Cleo Fields

The potential congressional candidacy of Cleo Fields, who placed fourth in the poll, with 14%, should not be taken lightly. Though Fields might not be a household name to all the voters in Orleans Parish, he has a local donor base and is beloved in the eastern part of the congressional district.  A member of Congress from 1993 to 1997, Fields ran unsuccessfully for governor of Louisiana. He is currently serving his third term (non-consecutive) in the State Senate. 

Karen Carter Peterson

Though state Sen. Karen Carter Peterson placed fifth (4%) among the potential candidates surveyed, she too has longed to make a permanent move to Washington, D.C.  She first got a taste of national politics when she attended Howard University. A former chair of the Louisiana Democratic Party and current vice chair of the Democratic National Committee, Carter ran for Congress unsuccessfully in 2006. She was able to attract a diverse group of donors, which would be valuable in this race.   

Perhaps Carter is waging the most vigorous campaign to date. According to sources, Carter is making calls to line up support and counting on endorsements from nationally prominent Democrats, including Donna Brazile and Stacy Abrams. Carter will also count on Mayor LaToya Cantrell and her Action New Orleans PAC.   

The big questions remains which candidate would attract Richmond’s support. Richmond has close ties to several of the pocandidates. Fields helped coach Richmond when he was first a candidate Congress. Carter has been part of Richmond’s extended family for years. Moreno is one of his closest allies in the white community.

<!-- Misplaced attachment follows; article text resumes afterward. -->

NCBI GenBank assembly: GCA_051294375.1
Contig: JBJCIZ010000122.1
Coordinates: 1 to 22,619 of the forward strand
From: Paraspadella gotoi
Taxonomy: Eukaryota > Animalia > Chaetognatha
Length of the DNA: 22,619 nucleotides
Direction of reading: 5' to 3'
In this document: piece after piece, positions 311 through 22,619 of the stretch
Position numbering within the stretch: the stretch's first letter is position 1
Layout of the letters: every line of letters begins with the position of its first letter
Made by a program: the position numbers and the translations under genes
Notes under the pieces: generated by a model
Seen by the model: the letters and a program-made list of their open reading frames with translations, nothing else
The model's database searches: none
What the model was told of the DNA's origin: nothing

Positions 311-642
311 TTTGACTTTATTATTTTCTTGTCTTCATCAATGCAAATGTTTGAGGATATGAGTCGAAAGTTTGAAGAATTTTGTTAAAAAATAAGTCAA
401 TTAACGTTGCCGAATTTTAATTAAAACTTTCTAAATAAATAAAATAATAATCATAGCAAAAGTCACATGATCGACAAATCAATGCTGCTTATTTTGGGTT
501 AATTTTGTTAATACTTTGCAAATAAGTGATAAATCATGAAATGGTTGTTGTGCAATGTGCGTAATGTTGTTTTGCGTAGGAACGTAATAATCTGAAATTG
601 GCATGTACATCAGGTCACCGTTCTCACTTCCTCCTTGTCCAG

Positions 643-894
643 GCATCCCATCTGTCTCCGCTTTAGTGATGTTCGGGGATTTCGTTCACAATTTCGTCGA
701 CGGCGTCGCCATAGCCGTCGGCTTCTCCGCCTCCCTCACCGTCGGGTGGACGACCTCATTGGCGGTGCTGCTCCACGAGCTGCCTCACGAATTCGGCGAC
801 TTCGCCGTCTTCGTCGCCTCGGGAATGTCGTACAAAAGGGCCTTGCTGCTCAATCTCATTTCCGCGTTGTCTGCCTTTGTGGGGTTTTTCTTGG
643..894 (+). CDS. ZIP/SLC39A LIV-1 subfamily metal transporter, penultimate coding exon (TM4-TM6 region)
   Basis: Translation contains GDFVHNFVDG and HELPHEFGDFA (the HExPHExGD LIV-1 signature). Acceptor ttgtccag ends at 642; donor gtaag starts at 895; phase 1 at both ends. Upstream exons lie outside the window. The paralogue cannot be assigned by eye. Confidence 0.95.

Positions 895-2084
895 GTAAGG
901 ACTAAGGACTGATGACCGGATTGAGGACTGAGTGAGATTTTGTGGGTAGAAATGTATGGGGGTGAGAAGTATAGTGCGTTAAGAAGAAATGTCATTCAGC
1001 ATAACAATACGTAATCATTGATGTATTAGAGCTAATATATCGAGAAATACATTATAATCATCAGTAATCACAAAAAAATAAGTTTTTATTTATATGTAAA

No matter what official role Richmond plays in the new administration, he will be the go-to person for Louisiana residents and Black voters across the country who are anxiously awaiting Biden to live up to their expectations.           

Danae Columbus

Danae Columbus, opinion columnist

Danae Columbus, has had a 30-year career in politics and public relations, including stints at City Hall, the Dock Board and the Orleans Parish School Board and former clients such as District Attorney Leon Cannizzaro, City Councilman Jared Brossett, City Councilwoman at-large Helena Moreno, Foster Campbell, former Lt. Gov. Jay Dardenne, former Sheriff Charles Foti and former City Councilwomen Stacy Head and Cynthia Hedge-Morrell. She is a member of the Democratic Parish Executive Committee. Columbus can be reached at swampednola@gmail.com.

One thought on “Viewpoint: Who would succeed Cedric Richmond if he leaves Congress for the White House?

  1. You somehow forgot to mention that Landrieu, whose political Goose is deeply fried to burnt stated he was not interested in running.
    Probably because he made such a glorious fool of himself 4 years ago as a Globalist hack destroying priceless Confederate landmarks.
    Americans despise Landrieu for his disgusting greed and his pompous self inflated mediocrity.

    Also,
    Why did you capitalize ‘black voters’..when you didn’t capitalize ‘ White community”..??

    I think we all know why